Elm changed front-end development with its intentional design and radical simplicity.
A few years later, Evan Czaplicki encouraged the Elm community: “Let’s be mainstream!”, with a plan to do so.
After 10 years, Elm’s rate of adoption is still quite low. Why is this?
In his talk (“Let’s be mainstream!"), Evan expanded on several areas of his proposed strategy for promoting adoption, that he called “User-focused Design in Elm”.
The two I want to focus on are Communication and Tooling.
Evan asked the audience to imagine themselves as a developer comparing the competing sales pitches of a set of language tools.
He demonstrated that communication with an audience needs to be centered on the needs of that audience, not the features of the tool.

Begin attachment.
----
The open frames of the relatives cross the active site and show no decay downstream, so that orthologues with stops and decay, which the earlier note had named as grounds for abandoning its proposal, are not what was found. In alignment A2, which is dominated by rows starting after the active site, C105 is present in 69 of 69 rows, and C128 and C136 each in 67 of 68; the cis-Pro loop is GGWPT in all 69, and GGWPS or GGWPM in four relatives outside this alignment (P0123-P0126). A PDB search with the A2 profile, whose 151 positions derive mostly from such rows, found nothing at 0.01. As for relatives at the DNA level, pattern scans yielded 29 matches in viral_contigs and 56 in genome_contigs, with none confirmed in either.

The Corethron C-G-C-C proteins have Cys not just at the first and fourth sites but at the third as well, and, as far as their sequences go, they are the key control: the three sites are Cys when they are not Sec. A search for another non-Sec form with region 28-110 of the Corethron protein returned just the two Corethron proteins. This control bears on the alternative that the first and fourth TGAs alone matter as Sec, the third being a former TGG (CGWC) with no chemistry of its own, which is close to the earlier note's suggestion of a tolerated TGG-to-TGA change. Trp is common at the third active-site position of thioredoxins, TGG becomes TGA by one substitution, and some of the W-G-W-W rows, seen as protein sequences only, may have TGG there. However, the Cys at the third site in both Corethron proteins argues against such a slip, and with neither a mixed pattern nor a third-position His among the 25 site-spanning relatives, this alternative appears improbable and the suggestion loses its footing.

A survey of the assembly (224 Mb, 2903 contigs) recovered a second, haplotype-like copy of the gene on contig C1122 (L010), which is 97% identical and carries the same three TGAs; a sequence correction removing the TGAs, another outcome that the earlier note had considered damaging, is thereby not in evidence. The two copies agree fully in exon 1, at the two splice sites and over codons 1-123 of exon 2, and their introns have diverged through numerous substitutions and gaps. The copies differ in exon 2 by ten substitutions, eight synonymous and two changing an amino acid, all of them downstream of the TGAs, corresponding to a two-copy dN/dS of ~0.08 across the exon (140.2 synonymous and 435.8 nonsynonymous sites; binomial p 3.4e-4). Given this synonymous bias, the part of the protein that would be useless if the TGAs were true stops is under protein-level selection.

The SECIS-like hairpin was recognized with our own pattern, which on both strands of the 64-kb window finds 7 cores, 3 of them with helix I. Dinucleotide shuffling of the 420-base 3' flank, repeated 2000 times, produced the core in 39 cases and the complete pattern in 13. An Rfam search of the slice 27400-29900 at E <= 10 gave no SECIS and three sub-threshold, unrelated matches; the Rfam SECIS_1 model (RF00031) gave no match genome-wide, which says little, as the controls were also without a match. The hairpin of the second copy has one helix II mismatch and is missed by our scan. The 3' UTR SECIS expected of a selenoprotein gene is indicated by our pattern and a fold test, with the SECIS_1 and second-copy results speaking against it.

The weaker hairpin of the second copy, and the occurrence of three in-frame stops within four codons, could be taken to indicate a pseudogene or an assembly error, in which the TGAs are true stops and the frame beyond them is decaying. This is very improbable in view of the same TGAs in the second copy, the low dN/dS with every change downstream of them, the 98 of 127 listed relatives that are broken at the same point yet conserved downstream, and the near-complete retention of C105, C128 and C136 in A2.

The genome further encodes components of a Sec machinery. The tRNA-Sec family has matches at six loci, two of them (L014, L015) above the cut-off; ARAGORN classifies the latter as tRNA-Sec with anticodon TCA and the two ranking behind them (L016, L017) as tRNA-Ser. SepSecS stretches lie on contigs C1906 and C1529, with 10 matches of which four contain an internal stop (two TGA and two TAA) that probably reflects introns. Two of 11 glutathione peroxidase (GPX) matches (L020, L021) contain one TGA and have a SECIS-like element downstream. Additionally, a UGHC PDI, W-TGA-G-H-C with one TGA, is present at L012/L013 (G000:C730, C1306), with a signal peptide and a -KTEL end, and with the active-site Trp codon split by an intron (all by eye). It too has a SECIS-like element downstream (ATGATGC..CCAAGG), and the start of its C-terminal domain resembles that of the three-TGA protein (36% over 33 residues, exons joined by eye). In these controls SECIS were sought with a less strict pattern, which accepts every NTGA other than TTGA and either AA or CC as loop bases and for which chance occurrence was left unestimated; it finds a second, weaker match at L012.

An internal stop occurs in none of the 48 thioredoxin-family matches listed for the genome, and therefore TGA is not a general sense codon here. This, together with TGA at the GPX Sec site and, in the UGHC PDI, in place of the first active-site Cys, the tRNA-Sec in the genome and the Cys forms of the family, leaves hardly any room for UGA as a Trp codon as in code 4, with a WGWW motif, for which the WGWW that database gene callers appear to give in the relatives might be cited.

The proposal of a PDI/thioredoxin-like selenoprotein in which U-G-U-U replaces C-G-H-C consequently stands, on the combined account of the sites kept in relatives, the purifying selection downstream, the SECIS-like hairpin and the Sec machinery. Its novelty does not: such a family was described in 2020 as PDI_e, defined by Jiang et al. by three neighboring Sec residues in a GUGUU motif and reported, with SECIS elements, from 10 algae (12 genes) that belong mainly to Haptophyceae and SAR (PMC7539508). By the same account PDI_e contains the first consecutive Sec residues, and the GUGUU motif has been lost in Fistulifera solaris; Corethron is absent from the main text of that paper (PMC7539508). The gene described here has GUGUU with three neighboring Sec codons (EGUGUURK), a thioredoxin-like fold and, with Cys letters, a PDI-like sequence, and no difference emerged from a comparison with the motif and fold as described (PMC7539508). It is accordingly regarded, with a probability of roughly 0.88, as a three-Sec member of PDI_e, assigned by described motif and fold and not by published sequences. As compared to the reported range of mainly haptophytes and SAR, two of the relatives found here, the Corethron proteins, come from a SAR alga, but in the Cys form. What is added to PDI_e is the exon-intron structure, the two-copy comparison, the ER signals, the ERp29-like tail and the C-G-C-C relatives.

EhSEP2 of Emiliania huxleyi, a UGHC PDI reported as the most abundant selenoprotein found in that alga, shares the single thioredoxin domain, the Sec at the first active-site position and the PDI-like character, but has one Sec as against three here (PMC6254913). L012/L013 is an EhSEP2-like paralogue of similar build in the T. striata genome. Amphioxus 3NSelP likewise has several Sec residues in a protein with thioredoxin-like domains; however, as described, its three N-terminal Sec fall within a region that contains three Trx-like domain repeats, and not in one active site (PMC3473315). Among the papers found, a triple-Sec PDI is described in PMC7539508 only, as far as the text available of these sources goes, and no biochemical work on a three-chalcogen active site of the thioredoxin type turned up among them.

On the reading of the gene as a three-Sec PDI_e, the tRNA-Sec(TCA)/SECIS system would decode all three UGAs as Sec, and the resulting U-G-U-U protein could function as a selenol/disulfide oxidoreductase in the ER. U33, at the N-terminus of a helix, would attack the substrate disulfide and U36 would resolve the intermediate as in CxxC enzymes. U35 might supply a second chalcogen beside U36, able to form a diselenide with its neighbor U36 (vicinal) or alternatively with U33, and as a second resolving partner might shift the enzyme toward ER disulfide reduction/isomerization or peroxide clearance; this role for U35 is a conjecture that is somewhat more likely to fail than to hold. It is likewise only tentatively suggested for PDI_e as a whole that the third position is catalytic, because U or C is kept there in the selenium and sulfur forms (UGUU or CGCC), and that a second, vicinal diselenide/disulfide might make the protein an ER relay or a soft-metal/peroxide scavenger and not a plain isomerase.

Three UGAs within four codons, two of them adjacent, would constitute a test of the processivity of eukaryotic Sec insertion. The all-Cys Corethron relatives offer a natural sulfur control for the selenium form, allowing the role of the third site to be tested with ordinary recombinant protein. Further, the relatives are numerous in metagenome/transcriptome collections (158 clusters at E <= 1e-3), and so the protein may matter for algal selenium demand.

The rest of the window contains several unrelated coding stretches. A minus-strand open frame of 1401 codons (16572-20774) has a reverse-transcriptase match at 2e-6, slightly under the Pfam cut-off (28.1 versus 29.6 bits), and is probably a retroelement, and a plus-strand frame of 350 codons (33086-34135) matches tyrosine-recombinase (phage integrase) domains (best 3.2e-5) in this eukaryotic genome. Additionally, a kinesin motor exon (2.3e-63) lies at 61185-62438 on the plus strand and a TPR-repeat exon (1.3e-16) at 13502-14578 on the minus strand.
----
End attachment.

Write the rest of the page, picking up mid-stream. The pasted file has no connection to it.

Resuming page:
Evan emphasized the importance of leveraging Elm’s advantages to create “unique and delightful experiences”.
By providing experiences like the time-travel debugger and friendly error messages, Elm could appeal to its audience and be adopted as a mainstream language.
I think Elm itself has done an extremely good job at achieving these design goals.
- What obstacles do JS devs meet when they try Elm?
- What is unfamiliar or hard to do?
- How can we make delightful experiences?
- How can we make Elm easy to try?
I’m excited to see how his project evolves to address these questions! Check it out at elm.land.
This post was originally a Twitter thread.